No sign of Brexit nerves in construction, says FMB

No sign of Brexit nerves in construction, says FMB


SME’s in construction have enjoyed more than five years of consecutive quarterly growth, according to the Federation of Master Builders (FMB).

Construction SMEs enjoyed rising workloads in the second quarter of 2018, despite continuing concerns over skills shortages and increasing costs. This was one of the key findings from the FMB’s latest State of Trade Survey, a quarterly assessment of the UK-wide SME construction sector.

However, it also found that more than three-quarters (76%) of builders are reporting increasing material prices in Q2 2018, and two-thirds (65%) of construction SMEs are struggling to hire bricklayers, while 60% are struggling to hire carpenters and joiners.

Brian Berry, Chief Executive of the FMB, said: “The second quarter of 2018 proved to be a positive one for the UK’s builders. Our latest research shows that firms enjoyed stronger growth in workloads than they did in the first three months of this year. Pleasingly, the construction SME sector has now enjoyed more than five years of consecutive growth. Furthermore, employment rose at a faster pace in the second three months of 2018 than it did in the first three months. Looking ahead, despite growing political uncertainty and Brexit now less than a year away, construction SMEs remain positive. Businesses are optimistic with nearly half of firms predicting rising activity levels over the next three months.”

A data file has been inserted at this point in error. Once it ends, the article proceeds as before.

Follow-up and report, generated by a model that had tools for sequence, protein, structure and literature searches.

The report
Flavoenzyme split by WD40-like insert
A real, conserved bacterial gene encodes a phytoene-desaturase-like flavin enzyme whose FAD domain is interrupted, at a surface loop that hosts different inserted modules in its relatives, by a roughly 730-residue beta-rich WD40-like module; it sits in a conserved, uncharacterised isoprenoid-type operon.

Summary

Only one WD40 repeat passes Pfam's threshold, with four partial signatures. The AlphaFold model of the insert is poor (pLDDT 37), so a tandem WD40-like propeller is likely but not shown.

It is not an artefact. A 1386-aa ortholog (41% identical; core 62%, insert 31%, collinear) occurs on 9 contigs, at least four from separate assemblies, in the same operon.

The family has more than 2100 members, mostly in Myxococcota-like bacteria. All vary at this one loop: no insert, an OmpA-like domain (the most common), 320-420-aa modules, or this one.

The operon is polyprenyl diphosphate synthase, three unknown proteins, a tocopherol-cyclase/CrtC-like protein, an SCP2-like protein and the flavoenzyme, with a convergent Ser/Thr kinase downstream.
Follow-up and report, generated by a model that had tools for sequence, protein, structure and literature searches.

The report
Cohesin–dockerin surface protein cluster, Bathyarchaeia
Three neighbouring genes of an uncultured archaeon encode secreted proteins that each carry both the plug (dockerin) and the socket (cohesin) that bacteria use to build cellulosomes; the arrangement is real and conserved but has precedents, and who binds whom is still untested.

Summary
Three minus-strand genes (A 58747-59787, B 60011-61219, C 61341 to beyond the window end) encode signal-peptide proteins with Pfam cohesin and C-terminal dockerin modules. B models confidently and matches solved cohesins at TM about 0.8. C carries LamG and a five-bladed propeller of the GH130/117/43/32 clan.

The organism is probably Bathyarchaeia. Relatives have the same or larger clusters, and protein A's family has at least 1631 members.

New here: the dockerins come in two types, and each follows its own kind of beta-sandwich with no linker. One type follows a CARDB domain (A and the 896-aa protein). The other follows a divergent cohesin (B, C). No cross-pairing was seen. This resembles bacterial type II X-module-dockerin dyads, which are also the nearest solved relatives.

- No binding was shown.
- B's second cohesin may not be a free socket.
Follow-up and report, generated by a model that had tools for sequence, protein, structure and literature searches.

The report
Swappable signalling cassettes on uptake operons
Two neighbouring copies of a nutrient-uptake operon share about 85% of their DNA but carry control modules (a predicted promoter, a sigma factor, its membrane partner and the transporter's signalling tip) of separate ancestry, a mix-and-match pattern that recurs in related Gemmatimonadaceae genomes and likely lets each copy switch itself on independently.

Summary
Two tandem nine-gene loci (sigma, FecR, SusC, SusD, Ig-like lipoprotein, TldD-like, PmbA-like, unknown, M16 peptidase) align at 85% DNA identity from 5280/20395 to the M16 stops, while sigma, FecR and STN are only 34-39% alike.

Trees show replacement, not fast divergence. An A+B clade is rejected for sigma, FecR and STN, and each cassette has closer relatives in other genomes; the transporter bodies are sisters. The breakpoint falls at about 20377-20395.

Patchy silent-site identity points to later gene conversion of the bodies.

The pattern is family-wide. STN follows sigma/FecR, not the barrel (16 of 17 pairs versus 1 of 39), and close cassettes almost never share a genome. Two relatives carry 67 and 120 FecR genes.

Berry concluded: “Despite this optimism, the sector should not be too complacent because strong headwinds remain in place. The sector is still contending with rising skills shortages. The latest evidence reveals that nearly all of the key occupations have become harder to recruit in the second quarter of this year compared to the previous three months. Without guaranteed access to skilled EU workers, there is a real possibility that skills shortages will further intensify. While we wait to hear what the post-Brexit immigration system will look like, we are hoping that the Government will listen to the needs of the sector. The construction industry is a cornerstone of the UK economy, so it’s in all of our interests to do what we can to support its small firms.”

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